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The Greek Island of Lesbos and the Origin of the Word ‘Lesbian’

Sappho and Erinna
Sappho and Erinna in a Garden at Mytilene by Simeon Solomon,1864 Credit: Simeon Solomon / Public domain / Wikimedia Commons

Modern English, and indeed many languages, borrow a plethora of words from ancient Greek. One particularly interesting word is “lesbian”, today used to describe a homosexual woman who is attracted to other women, but the root of the word is tied to the Greek island of Lesbos.

“Lesbian” is a demonym for the inhabitants of Lesbos, also spelled as Lesvos, so why does it today describe female homosexuality? The answer is bound to the reputation of the island itself and the written work of an ancient Greek poet named Sappho.

The ancient Greeks themselves would have been confused by the term as it is used today since sexuality in Classical Greece and elsewhere in the ancient world was conceived differently and typically had more to do with one’s romantic role than gender. To answer our question, we must therefore examine how language has evolved over time.

The etymology of “lesbian” and its link to Lesbos

Unsurprisingly, the island did not have an above-average population of women who were attracted to the same sex in ancient times. Rather, the etymology of the word lesbian is linked to one of Lesbos’ most famous inhabitants.

The island was the birthplace of the ancient Greek poet Sappho, who lived around the 6th century BC. Sappho was known for her lyrical poems, many of which have been interpreted as expressing love and desire for other women.

The etymology of the word “lesbian” is therefore commonly attributed to Sappho herself. The word “Sapphic” also refers to feelings of desire between women.

Further explanation

However, Professor of Classical Studies Kate Gilhuly has suggested a more complex explanation.

Gilhuly writes: “Although Sappho’s poetry was well known throughout antiquity, her sexual orientation is not explicitly defined until centuries after her death, and when Lesbos is directly associated with women who love other women in Lucian’s Dialogues of the Courtesans, Sappho is not explicitly named.”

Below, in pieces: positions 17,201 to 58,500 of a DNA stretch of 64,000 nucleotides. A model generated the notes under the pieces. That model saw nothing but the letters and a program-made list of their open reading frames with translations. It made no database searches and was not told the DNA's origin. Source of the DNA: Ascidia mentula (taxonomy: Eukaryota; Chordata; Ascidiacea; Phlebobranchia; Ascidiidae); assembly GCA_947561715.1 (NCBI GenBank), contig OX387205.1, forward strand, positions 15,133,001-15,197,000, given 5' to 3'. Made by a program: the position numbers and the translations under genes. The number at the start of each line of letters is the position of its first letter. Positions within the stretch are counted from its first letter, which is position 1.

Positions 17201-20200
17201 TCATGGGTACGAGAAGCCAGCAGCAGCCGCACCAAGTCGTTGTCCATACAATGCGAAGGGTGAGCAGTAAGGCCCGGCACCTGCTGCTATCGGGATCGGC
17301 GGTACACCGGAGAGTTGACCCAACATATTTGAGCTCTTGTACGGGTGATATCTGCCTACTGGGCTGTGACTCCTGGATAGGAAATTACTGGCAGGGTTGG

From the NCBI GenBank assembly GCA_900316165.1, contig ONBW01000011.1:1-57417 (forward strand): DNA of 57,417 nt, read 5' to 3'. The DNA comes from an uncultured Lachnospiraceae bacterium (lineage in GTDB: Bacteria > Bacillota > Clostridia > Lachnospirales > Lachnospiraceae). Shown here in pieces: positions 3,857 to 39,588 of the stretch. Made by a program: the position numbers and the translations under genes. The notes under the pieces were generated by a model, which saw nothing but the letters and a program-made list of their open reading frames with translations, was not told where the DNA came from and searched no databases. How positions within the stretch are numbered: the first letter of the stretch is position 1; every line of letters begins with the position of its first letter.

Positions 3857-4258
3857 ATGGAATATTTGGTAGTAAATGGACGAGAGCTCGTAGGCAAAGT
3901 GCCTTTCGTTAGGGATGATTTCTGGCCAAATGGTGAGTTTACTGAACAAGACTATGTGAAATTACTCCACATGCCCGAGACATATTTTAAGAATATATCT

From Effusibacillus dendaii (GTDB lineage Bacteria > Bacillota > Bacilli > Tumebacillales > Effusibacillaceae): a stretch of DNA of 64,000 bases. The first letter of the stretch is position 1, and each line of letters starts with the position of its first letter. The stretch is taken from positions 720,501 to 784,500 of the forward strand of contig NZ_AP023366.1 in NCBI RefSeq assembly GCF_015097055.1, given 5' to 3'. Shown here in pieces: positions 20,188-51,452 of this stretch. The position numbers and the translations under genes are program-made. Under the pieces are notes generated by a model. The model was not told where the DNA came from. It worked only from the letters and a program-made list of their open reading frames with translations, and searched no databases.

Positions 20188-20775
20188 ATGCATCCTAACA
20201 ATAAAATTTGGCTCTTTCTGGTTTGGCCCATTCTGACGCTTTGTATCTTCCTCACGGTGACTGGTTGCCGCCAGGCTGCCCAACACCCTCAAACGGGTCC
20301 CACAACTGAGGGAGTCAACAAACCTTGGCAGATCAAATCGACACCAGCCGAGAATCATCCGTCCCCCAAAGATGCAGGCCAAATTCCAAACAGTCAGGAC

In other words, Sappho was not explicitly identified as a lesbian in ancient times, nor is it entirely clear that the association between Lesbos and same-sex attraction between women began with the ancient Greek poet.

Gilhuly continues, writing that “there is a significant gap bridged by associating one person’s birthplace and her sexual orientation, and a still more significant gap between every single person from all the cities and villages on the island of Lesbos and a collective sexual orientation.”

Instead, Gilhuly argues that ancient Athenian perceptions of Lesbos being an island full of beautiful but promiscuous women may also have contributed to the etymology of the word “lesbian”. These attitudes were entrenched as stereotypes in plays and written works by individuals like the ancient satirist Lucian.

According to Gilhuly, “a complex, centuries-long collocation of cultural conceptions about the culture of Lesbos, combined with Athenian comic practice, the representation of the courtesan, and the reception of Sappho, eventually paved the way for the strong association of Lesbos with an image of alternative feminine sexuality.”

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